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The UK Space Agency needs you!

Major Tim Peake

So, your child wants to be an astronaut?

Along with the aspiring pop star, wizard or princess – is it easy to dismiss these ‘typical’ childhood career choices as fantasy. It is also a common misconception that the UK space sector is relatively non-existent, associating anything ‘spacey’ with the United States.

In actual fact, according to The UK Space Agency, the sector is worth £11.3 billion to the UK economy, employs over 34,000 people and supports a further 72,000 jobs in other sectors. Bet you didn’t know that!

Greg Clark, Minister for Universities, Sciences and Cities, has established that one quarter of the world’s communication satellites are built in the UK. The recent Rosetta mission, pioneered by the European Space Agency (ESA), was developed with the aid of Airbus’ facilities in Stevenage. They are also working on a new Mars rover for the ExoMars 2018 mission.

Artist’s impression of the Rosetta orbiter. Credit: ESA/ATG medialab

Artist’s impression of the Rosetta orbiter. Credit: ESA/ATG medialab

 


How do Astronauts use maths?

An understanding of maths is essential to becoming an astronaut. Chris Hadfield, a Canadian astronaut, explained how he uses both simple and complicated maths on the International Space Station. He uses maths to:

  • Calculate measures – speed, velocity, distance
  • Help fill up the fuel tanks
  • Find and dock the spaceship – using advanced theories such as trigonometry and the Pythagoras theory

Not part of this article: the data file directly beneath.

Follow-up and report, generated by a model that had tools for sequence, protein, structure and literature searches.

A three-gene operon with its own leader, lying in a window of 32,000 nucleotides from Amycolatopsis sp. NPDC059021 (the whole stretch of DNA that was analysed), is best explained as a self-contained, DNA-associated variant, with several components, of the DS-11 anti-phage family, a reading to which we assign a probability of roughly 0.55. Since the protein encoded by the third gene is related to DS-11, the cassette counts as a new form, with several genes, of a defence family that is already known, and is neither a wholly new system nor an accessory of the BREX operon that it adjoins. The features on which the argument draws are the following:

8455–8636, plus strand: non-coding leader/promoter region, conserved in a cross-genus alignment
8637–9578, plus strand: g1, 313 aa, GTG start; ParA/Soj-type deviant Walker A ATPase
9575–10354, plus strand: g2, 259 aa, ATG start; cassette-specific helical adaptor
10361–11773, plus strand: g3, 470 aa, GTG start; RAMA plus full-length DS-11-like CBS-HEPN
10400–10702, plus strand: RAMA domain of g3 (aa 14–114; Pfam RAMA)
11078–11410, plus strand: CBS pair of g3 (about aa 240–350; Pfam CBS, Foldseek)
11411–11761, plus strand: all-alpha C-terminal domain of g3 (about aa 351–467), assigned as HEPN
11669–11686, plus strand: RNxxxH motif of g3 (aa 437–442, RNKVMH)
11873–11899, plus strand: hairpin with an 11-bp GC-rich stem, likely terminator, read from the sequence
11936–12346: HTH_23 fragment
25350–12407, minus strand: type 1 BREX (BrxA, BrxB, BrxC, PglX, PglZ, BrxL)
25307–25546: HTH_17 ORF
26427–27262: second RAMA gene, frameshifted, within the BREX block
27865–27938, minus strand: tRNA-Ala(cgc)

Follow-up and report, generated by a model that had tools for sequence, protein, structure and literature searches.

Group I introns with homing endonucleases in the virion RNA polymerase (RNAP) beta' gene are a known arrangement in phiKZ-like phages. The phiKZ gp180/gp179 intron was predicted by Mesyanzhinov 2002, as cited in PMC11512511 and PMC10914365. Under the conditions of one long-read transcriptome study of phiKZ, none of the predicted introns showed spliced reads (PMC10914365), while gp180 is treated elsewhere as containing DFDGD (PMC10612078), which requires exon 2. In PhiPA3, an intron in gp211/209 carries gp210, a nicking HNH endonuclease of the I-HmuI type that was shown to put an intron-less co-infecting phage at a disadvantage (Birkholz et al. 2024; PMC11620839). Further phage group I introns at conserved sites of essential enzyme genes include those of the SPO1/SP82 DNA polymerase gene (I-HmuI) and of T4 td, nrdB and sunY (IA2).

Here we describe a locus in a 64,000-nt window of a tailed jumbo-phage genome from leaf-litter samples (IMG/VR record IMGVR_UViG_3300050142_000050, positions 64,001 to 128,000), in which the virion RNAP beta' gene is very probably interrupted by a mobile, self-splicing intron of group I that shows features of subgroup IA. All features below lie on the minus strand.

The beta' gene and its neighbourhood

• Even measure the growth of his spine due to the absence of gravity!

The problem

Growing at over 7% per year, the UK space sector requires more qualified young people to take up 100,000 potential new jobs. However, there are concerns. Major Tim Peake, the first British astronaut to be selected by ESA, expressed these to Sky News:

“The UK space sector is thriving. We have fantastic talent; the problem is we don’t have enough people studying those subjects”

Major Tim Peake describes his ESA astronaut training to the audience. Credit: Department for Business, Innovation and Skills

Major Tim Peake describes his ESA astronaut training to the audience. Credit: Department for Business, Innovation and Skills


The solution?

In order to meet this growing demand, more young people need to study STEM subjects – science, technology, engineering and maths.

It is important to encourage your child from a young age to pursue maths and enjoy the study of numbers. Not only does it arm them with skills for everyday life, it will provide them with an extensive platform and open up very possible doors for the future.

As well as becoming an astronaut, there are many exciting career choices within the space sector that rely on a sturdy knowledge of maths. To name but a few, with the right encouragement your child could become a:

  • Scientist
  • Mechanical Designer
  • Engineer
  • Researcher
  • Software Developer
  • Accountant
  • Satellite Technologist

So, we’ll ask you again – your child wants to be an astronaut? As a parent, embrace their dreams and encourage this passion by providing them with a solid foundation in maths.

Catered to your child’s individual needs, Maths-Whizz is a fantastic tool for building confidence, enjoyment and ability in maths. The personalised online tutor helps them to reach their full potential and prepares them for success, whatever their dreams may be!

Give your child the advantage and register your child for a FREE trial today. What have you got to lose?

About the author: Natasha King

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